Curaí Dhal

Oidis curaí dhal: Nuair a bhí mé i Sri Lanca, bhí mé ar misean an méid is mó cócaireachata a dhéanamh agus a bhú ar mo chumas, agus tréan oidis úr nua a fhoghlaim.   Dhal nó curaí lintilí atá ann, agus é pacáilte le maitheas. Tá sé ar cheann de na príomh foinsí de phróitéin le haghaidh feol-séantoirí i Sri Lanca agus tá sé iontach easca é a dhéanamh.

Oidis do 4: 

200g de lintilí scoilte
1 oinniún bán

3 ionga gairleoige
1 spúnóg bhoird tumeric
2 spúnóg bhoird púdar curaí
1 spúnóg bhoird de chalóga chilli  (níos lú más mian leat an teas a mhaolú)
150ml  cnó cócó
Salann chun blaiseadh


1. Nigh na lintilí chun chur an iarmhar díot agus chur iad ar maos le haghaidh 20 nóiméad.

2. Cuir  200g lintilí le 100ml de bháinne cnó cócó agus 200ml d’uisce isteach go dtí méan-phóta ag méan teas.

3. Cuir is teach an oinniún díslithe,turmeric, púdar curaí agus na chalóga chilli . Bí ag núdail agus  bí cinnte each mbíonn sa greamaithe ag bún an póta.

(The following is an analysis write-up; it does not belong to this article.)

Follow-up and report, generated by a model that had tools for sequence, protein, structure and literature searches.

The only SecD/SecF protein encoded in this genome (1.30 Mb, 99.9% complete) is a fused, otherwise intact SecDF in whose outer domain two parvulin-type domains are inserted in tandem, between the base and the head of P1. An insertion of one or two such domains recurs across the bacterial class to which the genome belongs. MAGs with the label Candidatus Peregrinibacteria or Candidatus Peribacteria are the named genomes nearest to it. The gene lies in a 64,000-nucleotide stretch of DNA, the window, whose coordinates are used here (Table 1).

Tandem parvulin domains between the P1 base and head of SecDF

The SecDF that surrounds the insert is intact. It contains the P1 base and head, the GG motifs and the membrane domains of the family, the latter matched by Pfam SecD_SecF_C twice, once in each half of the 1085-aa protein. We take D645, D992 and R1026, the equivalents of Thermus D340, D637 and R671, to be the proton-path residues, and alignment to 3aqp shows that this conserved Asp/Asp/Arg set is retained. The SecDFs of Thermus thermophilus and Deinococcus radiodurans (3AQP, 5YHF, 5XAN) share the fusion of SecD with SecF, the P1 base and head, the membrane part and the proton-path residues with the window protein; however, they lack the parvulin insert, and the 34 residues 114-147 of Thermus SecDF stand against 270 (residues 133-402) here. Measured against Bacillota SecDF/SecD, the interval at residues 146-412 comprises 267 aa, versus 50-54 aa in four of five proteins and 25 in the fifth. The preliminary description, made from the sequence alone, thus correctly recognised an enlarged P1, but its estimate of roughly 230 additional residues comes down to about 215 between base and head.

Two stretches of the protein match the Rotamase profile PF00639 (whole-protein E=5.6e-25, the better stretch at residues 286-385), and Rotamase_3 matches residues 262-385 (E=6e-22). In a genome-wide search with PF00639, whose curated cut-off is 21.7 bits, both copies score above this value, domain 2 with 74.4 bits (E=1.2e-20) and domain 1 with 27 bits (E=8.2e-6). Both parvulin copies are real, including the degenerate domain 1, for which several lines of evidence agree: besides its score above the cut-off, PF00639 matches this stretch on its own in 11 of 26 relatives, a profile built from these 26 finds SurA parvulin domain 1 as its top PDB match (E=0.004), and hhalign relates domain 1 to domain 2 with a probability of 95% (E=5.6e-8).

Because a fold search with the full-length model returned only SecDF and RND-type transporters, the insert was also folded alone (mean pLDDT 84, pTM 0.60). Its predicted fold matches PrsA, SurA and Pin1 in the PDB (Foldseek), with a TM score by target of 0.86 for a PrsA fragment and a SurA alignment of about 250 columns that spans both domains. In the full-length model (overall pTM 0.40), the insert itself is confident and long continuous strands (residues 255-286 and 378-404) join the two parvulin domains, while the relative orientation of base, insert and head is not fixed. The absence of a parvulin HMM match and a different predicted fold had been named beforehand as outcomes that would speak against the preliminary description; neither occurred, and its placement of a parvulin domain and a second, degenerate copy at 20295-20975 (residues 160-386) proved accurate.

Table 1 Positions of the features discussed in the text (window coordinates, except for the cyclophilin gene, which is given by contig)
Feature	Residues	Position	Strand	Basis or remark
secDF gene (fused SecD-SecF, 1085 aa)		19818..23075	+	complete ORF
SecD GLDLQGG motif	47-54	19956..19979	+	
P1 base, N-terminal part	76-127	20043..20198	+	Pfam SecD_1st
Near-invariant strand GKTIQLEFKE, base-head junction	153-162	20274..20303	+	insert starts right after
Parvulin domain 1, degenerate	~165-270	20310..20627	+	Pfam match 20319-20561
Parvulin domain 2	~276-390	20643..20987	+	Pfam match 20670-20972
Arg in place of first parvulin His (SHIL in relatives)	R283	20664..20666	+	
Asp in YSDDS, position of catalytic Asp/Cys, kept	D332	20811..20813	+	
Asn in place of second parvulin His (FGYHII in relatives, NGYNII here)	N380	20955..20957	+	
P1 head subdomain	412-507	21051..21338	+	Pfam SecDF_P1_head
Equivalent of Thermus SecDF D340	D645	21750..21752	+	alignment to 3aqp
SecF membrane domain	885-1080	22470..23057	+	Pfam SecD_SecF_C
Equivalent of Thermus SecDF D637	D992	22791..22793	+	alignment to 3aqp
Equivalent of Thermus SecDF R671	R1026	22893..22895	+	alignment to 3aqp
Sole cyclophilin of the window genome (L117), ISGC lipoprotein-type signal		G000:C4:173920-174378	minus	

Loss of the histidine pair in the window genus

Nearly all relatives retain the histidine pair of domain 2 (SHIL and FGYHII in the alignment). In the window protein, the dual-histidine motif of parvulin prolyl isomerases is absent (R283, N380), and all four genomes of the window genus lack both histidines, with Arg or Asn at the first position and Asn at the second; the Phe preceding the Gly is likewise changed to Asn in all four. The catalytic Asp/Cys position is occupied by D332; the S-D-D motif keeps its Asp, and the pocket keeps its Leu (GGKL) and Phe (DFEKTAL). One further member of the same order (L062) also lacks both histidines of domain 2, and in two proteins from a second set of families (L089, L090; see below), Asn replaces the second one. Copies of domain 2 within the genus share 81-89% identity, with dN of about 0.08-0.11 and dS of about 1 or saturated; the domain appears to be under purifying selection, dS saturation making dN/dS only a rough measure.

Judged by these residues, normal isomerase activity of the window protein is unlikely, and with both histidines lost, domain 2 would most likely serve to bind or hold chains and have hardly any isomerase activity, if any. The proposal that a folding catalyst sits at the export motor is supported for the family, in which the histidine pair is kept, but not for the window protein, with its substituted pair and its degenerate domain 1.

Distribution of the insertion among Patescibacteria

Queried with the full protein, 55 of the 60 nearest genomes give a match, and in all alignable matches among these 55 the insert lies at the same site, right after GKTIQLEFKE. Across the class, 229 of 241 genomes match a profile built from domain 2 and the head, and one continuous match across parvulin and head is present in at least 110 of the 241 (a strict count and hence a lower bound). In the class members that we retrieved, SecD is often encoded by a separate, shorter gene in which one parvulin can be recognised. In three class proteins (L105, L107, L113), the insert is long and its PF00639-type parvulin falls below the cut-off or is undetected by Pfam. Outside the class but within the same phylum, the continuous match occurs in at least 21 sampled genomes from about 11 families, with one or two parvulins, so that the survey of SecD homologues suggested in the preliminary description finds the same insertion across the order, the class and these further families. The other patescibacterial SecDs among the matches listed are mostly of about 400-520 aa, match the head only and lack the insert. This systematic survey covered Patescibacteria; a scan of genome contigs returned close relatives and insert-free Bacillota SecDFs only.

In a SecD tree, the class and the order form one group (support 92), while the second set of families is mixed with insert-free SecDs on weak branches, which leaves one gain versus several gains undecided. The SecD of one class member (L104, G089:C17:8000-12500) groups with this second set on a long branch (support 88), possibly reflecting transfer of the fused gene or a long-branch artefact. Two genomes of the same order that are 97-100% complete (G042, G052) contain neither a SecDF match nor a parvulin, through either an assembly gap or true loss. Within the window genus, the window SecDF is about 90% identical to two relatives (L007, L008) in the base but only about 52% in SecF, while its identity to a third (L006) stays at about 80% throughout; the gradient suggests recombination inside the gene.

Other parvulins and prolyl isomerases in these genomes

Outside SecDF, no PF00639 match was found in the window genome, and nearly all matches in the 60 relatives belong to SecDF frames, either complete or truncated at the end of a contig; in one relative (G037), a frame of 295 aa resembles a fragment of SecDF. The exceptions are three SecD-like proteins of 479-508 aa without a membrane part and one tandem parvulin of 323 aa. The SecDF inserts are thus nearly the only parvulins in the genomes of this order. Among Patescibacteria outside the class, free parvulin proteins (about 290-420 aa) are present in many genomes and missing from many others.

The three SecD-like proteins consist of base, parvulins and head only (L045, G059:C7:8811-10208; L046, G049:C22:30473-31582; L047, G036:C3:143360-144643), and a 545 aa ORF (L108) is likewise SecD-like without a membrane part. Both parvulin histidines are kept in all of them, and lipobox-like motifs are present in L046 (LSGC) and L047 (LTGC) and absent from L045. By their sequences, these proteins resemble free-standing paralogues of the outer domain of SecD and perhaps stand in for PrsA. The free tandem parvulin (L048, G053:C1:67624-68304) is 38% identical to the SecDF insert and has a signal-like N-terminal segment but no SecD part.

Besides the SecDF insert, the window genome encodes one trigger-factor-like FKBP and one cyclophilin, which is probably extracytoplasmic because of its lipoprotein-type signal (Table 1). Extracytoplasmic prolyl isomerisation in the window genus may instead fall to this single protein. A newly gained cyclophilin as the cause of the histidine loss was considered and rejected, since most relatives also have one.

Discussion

4. Cócarail le hadhaigh 15-20 nóiméad.

5. Cuir  50 ml de bháinne cnó cócó níos mó agus cócarail  le haghaidh 5-10 nóiméad níos mó.

6. Nuair atá sé déanta cur an salann isteach.

Cúpla fíric eile: Tá dhal lán de shnáithín. Tá leibhéal sáithiú ard ag lintilí mar sin tá sé ar fheabhas chun meáchan a chailliúint. Bain taineamh as an oideas seo le rís nó le uibheacha don lón. #Dhaliseacleas.

Gut health: part 1

To say that Gut health intrigues me is an understatement. It has its place in both subsets of my “Hippy” friends and my “Strict science” friends taking on the world to help healthify us humans. We all go through negative moods but what if our diet can negate it and help us to be the best form of ourselves? I have become totally intrigued by all facets of health including physical and mental health and nutrition and I’m always looking to be the best form of me. In the article below, I will discuss the basics of how our Gut works, The Gut-Brain Axis, what antibiotics do to our system, how gut health and fermented food improve our gut health and what food to eat to improve our gut micro biota.

“All disease begins in the gut- Hippocrates”

Continue reading “Gut health: part 1”

To speak freely and honestly with a hint of science and humour

Thank you for stopping by my blog. Coming from an industry which is male dominated, I want to bring a female twist to all things health. I am a Strength and Conditioning coach and will cover topics using both science and my own personal views. My goal is to empower people to become the healthiest versions of themselves by exploring , nutrition, strength training, mental health and philosophy with a hint of humour.